HO JAE KIM

01-3-POST-FEATURE-ART-1

Q: Tell us about your practice

A: Purgatory is a non-space, a place before heaven or hell — it is a place of nowhere. The labeling of purgatory suggests a space that is neither here nor there but somewhere; it is a liminal dimension. Beyond the religious, there are many moments of purgatory in our everyday lives, like places we find ourselves constantly waiting, between destinations. Without a clear sense of location we lose our bearing and our sense of selves. 

Unlike movies that are saturated with colors and excitement, many people endure desaturated timelapses, composed of unexciting conflicts that seem everlasting. Desaturation is more relatable, and usage of mundane objects allows the paintings to become representations of the larger demographic. Contents of the paintings are allusions or anecdotes that recall the idea of the liminal.

Q: Your process is quite unique, can you tell us about it and how did you develop it?

A: All Paintings are drafted on a 3D modeling & rendering program. This preliminary process is an homage to the artist, Piero della Francesca of the Early Italian Renaissance. The usage of a 3D modeling & rendering program allows me to find similar precision to that of Piero’s. In a virtual space (3D program), I am aware of the exact geometries, locations, distances of all objects. The usage of numerical precision and the continuous dialogue of what is deep & flat creates the feeling of uncanny. Although everything is exactly spelled by mathematical precision, there is a mystery that is not quantifiable.

Finalized 3D models are rendered and then printed on an inkjet printer in multiple layers. These images are then transferred onto painting surfaces using inkjet transfer techniques. Similar to glazing (thin transparent layers in oil painting), overlapping layers of inkjet transfer mimic the process of glazing. Ultimately, the transferred images are utilized as underpaintings. This process refers to the use of cartoons when creating frescos. “Cartoon” is a full-scale drawing of a future fresco. The purpose of a cartoon is a thorough study and final rendition of the composition, light, shadow, details of the future fresco.

01-5-POST-FEATURE-ART-2
01-7-POST-FEATURE-ART-3
02-1-POST-RANDOM-ART-4-2
02-3-POST-FEATURE-ART-5

Q: What has been inspiring you lately?

A: Originally, the theme of purgatory was a cerebral concept. However, during the pandemic, I became a character inside what was once a distant concept. The purgatory, very apparently, became my immediate reality. My direct affiliation motivated me to add figures into the picture plain. I’ve been experimenting with figures ever since.

My preferred reading: Crime and Punishment, Notes from Underground, 1Q84, Metamorphosis, The Castle, Devil in the White City, American Psycho, Don Quixote, etc.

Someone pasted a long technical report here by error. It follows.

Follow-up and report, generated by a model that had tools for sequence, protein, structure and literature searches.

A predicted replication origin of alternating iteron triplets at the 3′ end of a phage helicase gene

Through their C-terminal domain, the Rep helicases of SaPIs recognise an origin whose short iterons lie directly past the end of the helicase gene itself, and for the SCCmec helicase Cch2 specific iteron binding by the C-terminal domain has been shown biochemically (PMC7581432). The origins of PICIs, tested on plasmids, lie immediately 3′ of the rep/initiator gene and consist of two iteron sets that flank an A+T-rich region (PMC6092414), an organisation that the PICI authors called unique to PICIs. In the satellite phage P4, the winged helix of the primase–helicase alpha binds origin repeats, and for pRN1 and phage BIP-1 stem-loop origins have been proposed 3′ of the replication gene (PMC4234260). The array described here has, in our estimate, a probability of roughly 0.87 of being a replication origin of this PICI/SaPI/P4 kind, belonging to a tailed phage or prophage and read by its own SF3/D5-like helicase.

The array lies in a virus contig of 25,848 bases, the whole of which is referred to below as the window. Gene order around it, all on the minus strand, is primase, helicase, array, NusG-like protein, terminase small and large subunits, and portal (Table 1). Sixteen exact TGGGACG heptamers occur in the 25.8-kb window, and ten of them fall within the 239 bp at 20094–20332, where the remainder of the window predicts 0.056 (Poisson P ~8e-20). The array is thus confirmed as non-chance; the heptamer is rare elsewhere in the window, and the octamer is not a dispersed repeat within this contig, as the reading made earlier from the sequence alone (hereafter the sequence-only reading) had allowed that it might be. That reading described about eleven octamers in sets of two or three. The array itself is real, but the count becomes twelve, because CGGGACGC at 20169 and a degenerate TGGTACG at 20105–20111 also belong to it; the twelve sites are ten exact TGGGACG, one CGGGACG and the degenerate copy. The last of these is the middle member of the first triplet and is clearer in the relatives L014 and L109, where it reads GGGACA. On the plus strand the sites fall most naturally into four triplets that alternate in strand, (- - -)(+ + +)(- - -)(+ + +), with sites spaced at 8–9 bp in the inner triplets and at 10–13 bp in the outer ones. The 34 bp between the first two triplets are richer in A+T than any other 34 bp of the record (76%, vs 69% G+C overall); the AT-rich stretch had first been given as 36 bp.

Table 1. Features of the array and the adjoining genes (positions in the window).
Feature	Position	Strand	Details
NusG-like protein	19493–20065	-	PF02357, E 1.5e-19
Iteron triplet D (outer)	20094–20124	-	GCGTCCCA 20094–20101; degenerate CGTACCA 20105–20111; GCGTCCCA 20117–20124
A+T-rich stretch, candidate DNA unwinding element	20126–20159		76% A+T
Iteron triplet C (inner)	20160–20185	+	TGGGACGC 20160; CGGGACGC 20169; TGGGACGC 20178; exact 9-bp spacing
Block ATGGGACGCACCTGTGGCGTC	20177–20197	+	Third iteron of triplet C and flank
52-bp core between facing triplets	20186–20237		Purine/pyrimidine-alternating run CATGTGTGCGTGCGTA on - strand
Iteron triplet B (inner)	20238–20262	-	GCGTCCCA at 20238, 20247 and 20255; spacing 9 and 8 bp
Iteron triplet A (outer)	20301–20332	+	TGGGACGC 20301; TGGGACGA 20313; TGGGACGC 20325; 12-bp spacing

Favorite Artists: Magritte, Piero della Francesca, Mark Manders, Fischli & Weiss, Kerry James Marshall, Dominique Fung, Jasper Johns, Hokusai, Nam June Paik, Hiroshi Sugimoto, William Kentridge, Kathe Kollwitz.

02-2-POST-RANDOM-QUOTE-1
03-4-POST-FEATURE-ART-9
03-6-POST-FEATURE-ART-10

Q: What's next for you?

A: I’m currently experimenting with figures. Ukiyo-e is a huge reference to how to represent figures. Currently I am planning to paint with multiple figures in a single picture plain. I believe that the process of depicting multiple figures and their relationships to one another will open up new possibilities and challenges.

COLLECTOR'S QUOTE

"There is always something beautiful and haunting about the imagery of Ho Jae Kim’s paintings. What’s presented, and what’s also missing, are both important.

As you examine his work, the eye discovers layers and layers of physical artistry, and the mind explores layers and layers of meaning.

For me, the work represents beautiful imagery, the mastery of technique, the subtle inclusion of art history references, and subject matters rarely encountered in painting. He leads the viewer into spaces of uncertainty we will recognize, and allows us to reflect upon what it means to simply be. He starts a narrative, but leaves it to us to complete it.

Living with his work, I find over time, I get to know and respect each painting more and more deeply, and to appreciate both its beauty and its intellectual challenge."

BOB DUNN

The Here and There Collective, LLC is a New York limited-liability company operating through a fiscal sponsorship with Players Philanthropy Fund, a Maryland charitable trust recognized by IRS as a tax-exempt public charity under Section 501(c)(3) of the Internal Revenue Code (Federal Tax ID: 27-6601178). Contributions to The Here and There Collective are tax-deductible to the fullest extent of the law.